But Tyler does not believe that the BLS fraud is as large as it is and does not see that the 'growth' of GDP was overstated because of false adjustments. The $500 sale of a computer this year, which is the same as the $500 sale of a computer last year, is counted as a $800 sale by the BLS because of the extra memory and faster processor. But the $300 dollars was not received by anyone. Tyler ignores this fact. And all of those financial sector earnings that come from creative (but legal) accounting assumptions are accepted without question. I maintain that the deceptions should not be accepted and that they will show up once again, just as they showed up in 2007.

As pointed out by the economist in that video, you are not comparing the actual middle-class lifestyle from the '60s to today. If you bought the type of smaller home people had in the 60s, the junky cars they had back then, and no iPods or other modern conveniences, you could easily afford it on 30 hours per week.

But the people in the video had not savings to afford the bigger homes and the expensive power boats. They came from borrowing, usually by extracting 'equity' from homes during a real estate bubble. You may not have noticed but that bubble has now burst and all those loans still have to be paid off from incomes that cannot support the payments and a decent lifestyle.

I think that a more apt story than the one told in your video would this one.

 
At 2/19/2011 9:35 AM, Blogger VangelV said...

What's changed is that people expect a lot more from an "average middle-class lifestyle," including all kinds of luxury health goods and education that was unheard of decades ago, the kinds of stuff Jet listed. No doubt some people live large these days on debt, including probably some of those people in the video, but nobody's holding a gun to their head to make them buy a boat or jetskis. :)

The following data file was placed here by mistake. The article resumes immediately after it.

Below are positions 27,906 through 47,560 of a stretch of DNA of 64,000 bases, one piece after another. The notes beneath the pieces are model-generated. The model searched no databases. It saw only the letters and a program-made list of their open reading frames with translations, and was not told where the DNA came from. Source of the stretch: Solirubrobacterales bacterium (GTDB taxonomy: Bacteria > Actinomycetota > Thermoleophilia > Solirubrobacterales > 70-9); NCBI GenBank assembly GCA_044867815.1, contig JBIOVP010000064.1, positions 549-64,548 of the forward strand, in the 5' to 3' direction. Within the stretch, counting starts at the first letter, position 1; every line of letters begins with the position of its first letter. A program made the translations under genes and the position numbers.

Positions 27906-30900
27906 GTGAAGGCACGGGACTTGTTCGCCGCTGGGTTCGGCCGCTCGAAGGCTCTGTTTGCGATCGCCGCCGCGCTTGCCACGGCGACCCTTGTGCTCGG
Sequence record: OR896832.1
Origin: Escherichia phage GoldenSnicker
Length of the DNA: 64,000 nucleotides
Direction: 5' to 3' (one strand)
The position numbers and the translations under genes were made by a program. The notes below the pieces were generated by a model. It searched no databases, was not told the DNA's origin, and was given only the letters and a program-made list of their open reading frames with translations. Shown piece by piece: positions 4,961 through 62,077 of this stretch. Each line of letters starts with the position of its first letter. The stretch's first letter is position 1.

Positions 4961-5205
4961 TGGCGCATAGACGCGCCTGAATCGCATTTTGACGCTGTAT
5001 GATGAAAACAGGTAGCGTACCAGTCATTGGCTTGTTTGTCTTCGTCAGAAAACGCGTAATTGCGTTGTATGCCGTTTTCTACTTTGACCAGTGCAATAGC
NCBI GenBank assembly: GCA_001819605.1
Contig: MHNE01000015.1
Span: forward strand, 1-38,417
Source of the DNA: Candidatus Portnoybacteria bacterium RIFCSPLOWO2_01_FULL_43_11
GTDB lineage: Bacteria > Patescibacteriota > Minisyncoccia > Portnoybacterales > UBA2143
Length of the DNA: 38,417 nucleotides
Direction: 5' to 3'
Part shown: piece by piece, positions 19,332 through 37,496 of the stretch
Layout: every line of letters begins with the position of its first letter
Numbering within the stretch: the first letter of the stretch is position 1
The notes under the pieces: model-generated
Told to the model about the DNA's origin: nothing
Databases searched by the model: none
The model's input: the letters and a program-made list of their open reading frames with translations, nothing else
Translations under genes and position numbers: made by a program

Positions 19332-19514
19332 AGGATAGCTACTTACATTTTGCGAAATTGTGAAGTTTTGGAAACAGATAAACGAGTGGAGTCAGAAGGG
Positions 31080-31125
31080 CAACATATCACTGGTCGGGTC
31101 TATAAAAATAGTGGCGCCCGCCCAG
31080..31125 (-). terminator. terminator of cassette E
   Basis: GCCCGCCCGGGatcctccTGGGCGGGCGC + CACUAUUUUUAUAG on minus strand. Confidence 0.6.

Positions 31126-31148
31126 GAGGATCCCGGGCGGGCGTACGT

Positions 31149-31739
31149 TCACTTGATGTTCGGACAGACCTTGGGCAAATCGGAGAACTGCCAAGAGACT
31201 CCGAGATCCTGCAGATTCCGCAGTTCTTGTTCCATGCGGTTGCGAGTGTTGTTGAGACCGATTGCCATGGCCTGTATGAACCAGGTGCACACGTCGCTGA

My point is that real and sustainable growth cannot be based on people spending money that they have borrowed but could not pay back. Having mechanics buy $50K boats or stables of motorcycles does not seem to me to be a sign of huge productivity increases when those purchases came via excess borrowing.

I have no problem with debt, such as people owning less of their houses, but obviously if some people abuse it to buy SUVs or huge flat-screen TVs every year, they will pay the price.

But my point is that they have never been made to pay the price because the Fed was always there to bail out the reckless idiots who had no common sense. While its main concern are its owners and supporters in the financial sector by debasing the currency and printing money the Fed was able to allow the people who made those bad decisions to postpone the difficult choices that they had to make and to continue faster towards the abyss.

As for Tyler's ebook, I don't know how successful it has been, but I don't think the publicity that helped was because of controversy or discussion, as you said. It's because he put forth a pessimistic argument, which always sells in a recession. Add in whatever blame he gives to the govt and he hopes to sell to the market-backers too.

I do not believe that Tyler is a pessimist. He argues that things will get better and that the US will recover. Given the foundation on which the argument was based I do not see how he can be that optimistic.

I see a hyperinflation coming down the road and at least a 30% devaluation over the next two years. I maintain my belief that silver will wind up over $100 and that $2000 gold is a given. While I expect that oil, coal and natural gas will go up sharply, it is possible that an economic contraction could bring down prices temporarily. And if there is not a great harvest this year you will see many more riots as food prices explode. At that point not even the naive optimists will be buying the BLS fraud.

 
At 2/21/2011 11:38 AM, Blogger Tom said...

Per capita income growth has slowed, contrary to the 200 year patter of acceleration, because of the growth of government. Govt is now 64% of US GDP (44% govt spending, 20% cost of regulations).

Households are smaller, as we get richer, which shrinks household income, and thus per-person figures.

PCI ought to be growing at about 3%, but cannot because govt is consuming 2/3 of the economy.